There’s a been a lot of controversy in recent years between Netflix and the incumbent Hollywood studio system. The other studios don’t like the way that Netflix is collapsing their release windows and other traditional entertainment industry norms. Steven Spielberg has even proposed reforms that would challenge the streaming company’s eligibility for the Academy Awards. A Netflix film, Roma, won three Oscars in February, all of which were accepted by director Alfonso Cuaron.
Now, Netflix is reportedly planning a new incursion into Hollywood: The purchase of an old theater in the heart of Hollywood itself.
Per Deadline, Netflix is in talks to acquire the Egyptian Theatre from the American Cinematheque. The parties are in “early discussions,” the report said, with the purchase price expected in the tens of millions. The cash-strapped American Cinematheque, which uses the venue to screen classic films, would get a much-needed financial infusion from the deal.
The Egyptian-themed theater on Hollywood Boulevard dates back to the 1920s and is blocks away from the Chinese Theatre and El Capitan Theatre. The Dolby Theatre, which hosts the Academy Awards, is in that area as well.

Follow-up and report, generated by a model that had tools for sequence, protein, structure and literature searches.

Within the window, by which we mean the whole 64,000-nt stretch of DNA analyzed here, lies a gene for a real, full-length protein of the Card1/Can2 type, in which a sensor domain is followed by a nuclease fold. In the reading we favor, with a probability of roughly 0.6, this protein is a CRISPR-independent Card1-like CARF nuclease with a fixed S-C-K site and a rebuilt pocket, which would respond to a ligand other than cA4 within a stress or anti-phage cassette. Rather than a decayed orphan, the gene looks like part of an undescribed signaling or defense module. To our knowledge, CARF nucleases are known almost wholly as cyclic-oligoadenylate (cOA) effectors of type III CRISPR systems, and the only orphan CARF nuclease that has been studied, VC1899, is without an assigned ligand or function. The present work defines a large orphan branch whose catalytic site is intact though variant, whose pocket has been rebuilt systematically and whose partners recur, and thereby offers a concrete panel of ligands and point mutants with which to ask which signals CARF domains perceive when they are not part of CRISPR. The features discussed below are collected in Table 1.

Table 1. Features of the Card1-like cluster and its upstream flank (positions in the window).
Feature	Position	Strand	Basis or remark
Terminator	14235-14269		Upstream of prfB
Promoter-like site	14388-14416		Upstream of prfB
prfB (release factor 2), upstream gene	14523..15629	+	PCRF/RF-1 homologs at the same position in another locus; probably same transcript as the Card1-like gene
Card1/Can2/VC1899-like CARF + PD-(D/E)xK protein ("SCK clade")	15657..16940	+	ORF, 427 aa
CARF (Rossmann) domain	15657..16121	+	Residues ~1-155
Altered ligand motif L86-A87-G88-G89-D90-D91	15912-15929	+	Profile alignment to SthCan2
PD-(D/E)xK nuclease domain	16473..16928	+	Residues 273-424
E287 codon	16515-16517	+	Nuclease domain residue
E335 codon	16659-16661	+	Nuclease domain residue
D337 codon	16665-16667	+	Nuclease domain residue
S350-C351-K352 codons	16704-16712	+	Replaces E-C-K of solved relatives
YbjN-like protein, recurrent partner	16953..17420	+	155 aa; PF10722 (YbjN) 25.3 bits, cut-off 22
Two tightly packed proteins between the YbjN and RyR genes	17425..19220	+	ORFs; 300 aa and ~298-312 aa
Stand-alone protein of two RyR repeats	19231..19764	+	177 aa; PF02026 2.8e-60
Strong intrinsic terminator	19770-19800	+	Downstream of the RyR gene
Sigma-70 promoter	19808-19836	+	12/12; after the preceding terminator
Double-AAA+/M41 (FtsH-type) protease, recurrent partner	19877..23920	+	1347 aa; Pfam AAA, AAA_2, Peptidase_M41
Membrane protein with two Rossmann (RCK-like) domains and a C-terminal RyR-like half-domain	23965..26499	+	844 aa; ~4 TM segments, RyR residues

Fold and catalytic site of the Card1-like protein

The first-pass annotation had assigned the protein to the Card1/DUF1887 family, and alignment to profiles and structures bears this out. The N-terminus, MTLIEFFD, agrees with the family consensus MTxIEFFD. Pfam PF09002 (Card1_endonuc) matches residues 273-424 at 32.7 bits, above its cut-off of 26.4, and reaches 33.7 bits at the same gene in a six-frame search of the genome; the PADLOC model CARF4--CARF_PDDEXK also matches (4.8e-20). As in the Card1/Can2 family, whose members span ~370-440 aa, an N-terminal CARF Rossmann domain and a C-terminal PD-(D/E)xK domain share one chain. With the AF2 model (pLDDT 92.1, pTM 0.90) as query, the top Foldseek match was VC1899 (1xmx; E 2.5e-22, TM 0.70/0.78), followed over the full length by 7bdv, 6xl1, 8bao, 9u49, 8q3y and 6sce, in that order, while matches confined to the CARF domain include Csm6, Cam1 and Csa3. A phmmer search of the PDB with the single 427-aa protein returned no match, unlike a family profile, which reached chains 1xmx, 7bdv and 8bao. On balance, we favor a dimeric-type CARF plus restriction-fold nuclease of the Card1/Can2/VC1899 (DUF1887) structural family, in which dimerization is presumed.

The nonprofit American Cinematheque has owned the Egyptian Theatre since 1998 when it opened after an extensive renovation.
The acquisition would be Netflix’s first time owning an exhibition venue. It would give the company a place to host premieres for its higher-profile movies, the way that Disney always hosts movie premieres at the nearby El Capitan Theatre. Netflix would also host industry screenings and other events at the theater, according to Deadline.
The move, if it goes through, is not expected to lead to Netflix making a major move into movie exhibition. It’s also, according to Deadline, not expected to interfere with the company’s established relationships with iPic, Landmark, and other theater chains that show Netflix films. The largest theater chains in the U.S., including Regal and AMC, do not exhibit Netflix’s releases in protest of its release strategy.
The venue then known as Grauman’s Egyptian Theatre hosted the first-ever Hollywood movie premiere for the Douglas Fairbanks Robin Hood movie, in October of 1922. Sid Grauman, the theater’s founder, founded the Chinese Theatre, down the street in 1927. The latter theater is owned by an entity called Chinese Theatres LLC, although TV manufacturer TCL purchased the naming rights in 2013.
The deal, if it goes through, will likely upset some Hollywood traditionalists who resent the different disruptions brought about by Netflix.